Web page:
Review: You Know When the Men Are Gone, Siobhan Fallon

Further study may confirm or deny this, but I suspect that short story collections do not make for good book club discussions. Or maybe my nonwork brunch book club is just bad at keeping on topic. We completely forgot to brainstorm a name for ourselves, and we spent about twenty (nonconsecutive) minutes talking about the book, and the remainder of the time chattering about shoes.

You Know When the Men Are Gone is a loosely connected group of short stories about the army: life on an army base, or life in a war zone, or how to handle a homecoming. I feel like I’ve seen a lot of stuff about this lately, but I think that’s just because my roommate watches Army Wives and Coming Home back to back every Sunday evening. An army wife herself, Fallon depicts life on an army base with incredible vividness, the social norms, the constant worry, the small resentments and disrupted schedules.

Good endings junkie that I am, I tend to find short stories unsatisfying. The authors don’t have enough time to build up the emotional resonance I want, and when they do, they run the danger of coming off melodramatic. It is my opinion that short stories work best one at a time, in total isolation from other short stories. “The Lottery” will bowl you over when you read it by itself, but maybe not if you’ve just read fourteen other short stories by Shirley Jackson.

You Know When the Men Are Gone had this problem too. There were several stories in the collection that ended similarly to each other, with a sort of “my man, I will stand by him; my life, it isn’t so bad” attitude on the part of the protagonist. I didn’t dislike any individual one of those endings, and in fact actively liked several of them, but the collective effect was diminishing. I think I’d have really loved the end of “Inside the Break” if I’d read it by itself. Such are the vagaries of short story reading.

This all sounds rather negative, when in fact this was one of the very few short story collections I’ve ever (a) managed to get all the way through and (b) wanted to get all the way through. I was reading it for a book club, but I’d have finished reading it anyway, once I started. It wasn’t like Let the Great World Spin, which I might well have abandoned if I hadn’t known I needed to be able to discuss it in book club.

Thanks to the lovely Lydia for sending me my copy!

  • I also have problems with short story collections for much the same reasons that you mention. I just need a lot of time and space to get close to the characters and to watch them develop. I have heard varying things about this book ranging from comments that it was brilliant, to comments that it was lackluster. I still think I want to read it though. If you are interested in reading a short story collection that is really interesting and that gives all the stories a really belivable dramatic arch, I would recommend Vanishing by Deborah Willis to you.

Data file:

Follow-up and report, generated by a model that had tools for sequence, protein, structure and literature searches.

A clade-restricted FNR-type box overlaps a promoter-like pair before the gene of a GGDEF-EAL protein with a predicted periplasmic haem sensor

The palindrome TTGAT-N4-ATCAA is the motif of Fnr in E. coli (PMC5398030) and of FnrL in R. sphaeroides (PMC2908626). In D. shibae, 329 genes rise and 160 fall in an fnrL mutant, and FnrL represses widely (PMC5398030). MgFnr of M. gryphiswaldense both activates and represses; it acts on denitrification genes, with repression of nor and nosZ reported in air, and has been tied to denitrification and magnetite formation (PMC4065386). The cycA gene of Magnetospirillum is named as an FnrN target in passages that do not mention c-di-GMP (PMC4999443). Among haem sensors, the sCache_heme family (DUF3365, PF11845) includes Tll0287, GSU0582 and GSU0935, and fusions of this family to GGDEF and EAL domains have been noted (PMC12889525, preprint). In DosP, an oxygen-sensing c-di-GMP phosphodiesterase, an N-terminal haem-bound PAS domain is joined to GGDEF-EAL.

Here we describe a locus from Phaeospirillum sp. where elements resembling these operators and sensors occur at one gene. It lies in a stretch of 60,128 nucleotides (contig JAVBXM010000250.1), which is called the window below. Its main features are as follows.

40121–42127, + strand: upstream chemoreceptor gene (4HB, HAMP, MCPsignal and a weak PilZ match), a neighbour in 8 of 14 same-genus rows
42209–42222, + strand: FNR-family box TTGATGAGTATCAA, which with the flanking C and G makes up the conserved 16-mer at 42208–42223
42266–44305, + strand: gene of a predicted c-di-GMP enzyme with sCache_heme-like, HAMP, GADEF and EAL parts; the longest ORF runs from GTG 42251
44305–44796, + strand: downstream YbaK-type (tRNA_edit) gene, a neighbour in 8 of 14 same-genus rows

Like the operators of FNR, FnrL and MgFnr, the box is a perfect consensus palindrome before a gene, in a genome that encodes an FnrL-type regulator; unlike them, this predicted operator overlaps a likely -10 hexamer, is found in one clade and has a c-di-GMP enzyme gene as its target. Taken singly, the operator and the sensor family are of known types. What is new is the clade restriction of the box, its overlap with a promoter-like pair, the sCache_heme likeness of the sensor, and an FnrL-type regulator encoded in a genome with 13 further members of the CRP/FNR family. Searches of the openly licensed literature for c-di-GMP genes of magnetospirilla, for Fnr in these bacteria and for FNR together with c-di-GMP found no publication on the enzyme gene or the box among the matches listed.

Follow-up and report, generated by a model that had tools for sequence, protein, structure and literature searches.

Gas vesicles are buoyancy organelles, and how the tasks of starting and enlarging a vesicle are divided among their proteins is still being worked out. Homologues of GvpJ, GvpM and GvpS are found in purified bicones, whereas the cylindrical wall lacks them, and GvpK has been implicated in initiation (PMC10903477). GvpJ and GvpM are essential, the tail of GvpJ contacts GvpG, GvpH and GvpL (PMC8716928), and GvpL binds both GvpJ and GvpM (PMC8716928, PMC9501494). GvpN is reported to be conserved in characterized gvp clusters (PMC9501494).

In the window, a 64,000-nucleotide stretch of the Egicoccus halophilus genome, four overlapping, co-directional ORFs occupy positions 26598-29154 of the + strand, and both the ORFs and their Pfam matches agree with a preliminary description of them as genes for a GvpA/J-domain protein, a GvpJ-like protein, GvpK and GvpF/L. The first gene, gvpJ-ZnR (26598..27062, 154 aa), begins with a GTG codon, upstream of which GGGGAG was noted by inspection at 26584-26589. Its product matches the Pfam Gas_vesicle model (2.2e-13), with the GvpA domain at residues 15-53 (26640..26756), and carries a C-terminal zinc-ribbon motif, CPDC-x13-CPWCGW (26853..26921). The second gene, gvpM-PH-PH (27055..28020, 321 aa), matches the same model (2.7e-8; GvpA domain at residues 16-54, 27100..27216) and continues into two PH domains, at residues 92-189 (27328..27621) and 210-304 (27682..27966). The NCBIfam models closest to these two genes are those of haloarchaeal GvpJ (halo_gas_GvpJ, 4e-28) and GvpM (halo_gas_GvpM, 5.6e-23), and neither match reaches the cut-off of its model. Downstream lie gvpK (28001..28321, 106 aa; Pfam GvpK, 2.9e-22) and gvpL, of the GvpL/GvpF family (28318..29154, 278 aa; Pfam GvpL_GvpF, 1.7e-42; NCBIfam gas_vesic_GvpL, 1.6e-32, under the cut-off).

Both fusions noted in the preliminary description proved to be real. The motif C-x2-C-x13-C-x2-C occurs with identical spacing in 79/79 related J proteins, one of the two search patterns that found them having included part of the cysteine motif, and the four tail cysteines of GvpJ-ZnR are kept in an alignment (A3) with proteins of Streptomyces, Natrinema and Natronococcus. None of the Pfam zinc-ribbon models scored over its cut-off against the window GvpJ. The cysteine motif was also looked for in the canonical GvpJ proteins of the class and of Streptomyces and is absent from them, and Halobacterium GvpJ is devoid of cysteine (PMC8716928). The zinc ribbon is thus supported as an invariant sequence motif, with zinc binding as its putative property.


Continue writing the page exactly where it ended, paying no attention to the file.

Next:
• Yep, same. It has some very, very good short stories, which would benefit by being read separately, although they do interlock with each other. So it’s worth a read. Hope you like it! 🙂

  • I’ve been kinda interested in this one but kinda on the fence. Hopefully I can get it from the library and give it a go. I did just finish the BEST short story collection ever: Little Black Book of Stories, by A.S. Byatt. OMYGOD!

    • It’s a good book to get from the library! And I shall duly try the Byatt. I only ever loved Possession by Byatt, but I would like to have a broader sense of her gifts.

  • I’m not into short stories either but I think my reason is probably stupid: after reading short stories, I don’t feel like I can say to myself that I read a “book.”

    • Interesting! That has never crossed my mind in any articulated way, but now that I read your comment, I recognize the sentiment. I have read very few collections of short stories.

  • I don’t often like short stories but I find that the ones I like REALLY stick with me. I happened to love this one, I felt like she packed the slices of life she took so much emotion and truth.

    • *with so much emotion and truth

    • I agree with that, and there were some stories that I thought were superb. I have now forgotten all the titles, but I liked many of the individual stories a lot, and would have been happy to spend more time with those characters. (If only I could have.)

  • We’ve done a couple of loosely connected story books for our book club (A Visit from the Goon Squad and The Imperfectionists), and they seem to work ok, although we get off topic pretty quickly too 🙂

    • Well, my other book club did fine with Let the Great World Spin, which is loosely connected (but a novel, not short stories) — it’s possible the book bloggers book club just likes shoes and springtime too much to have productive discussions. :p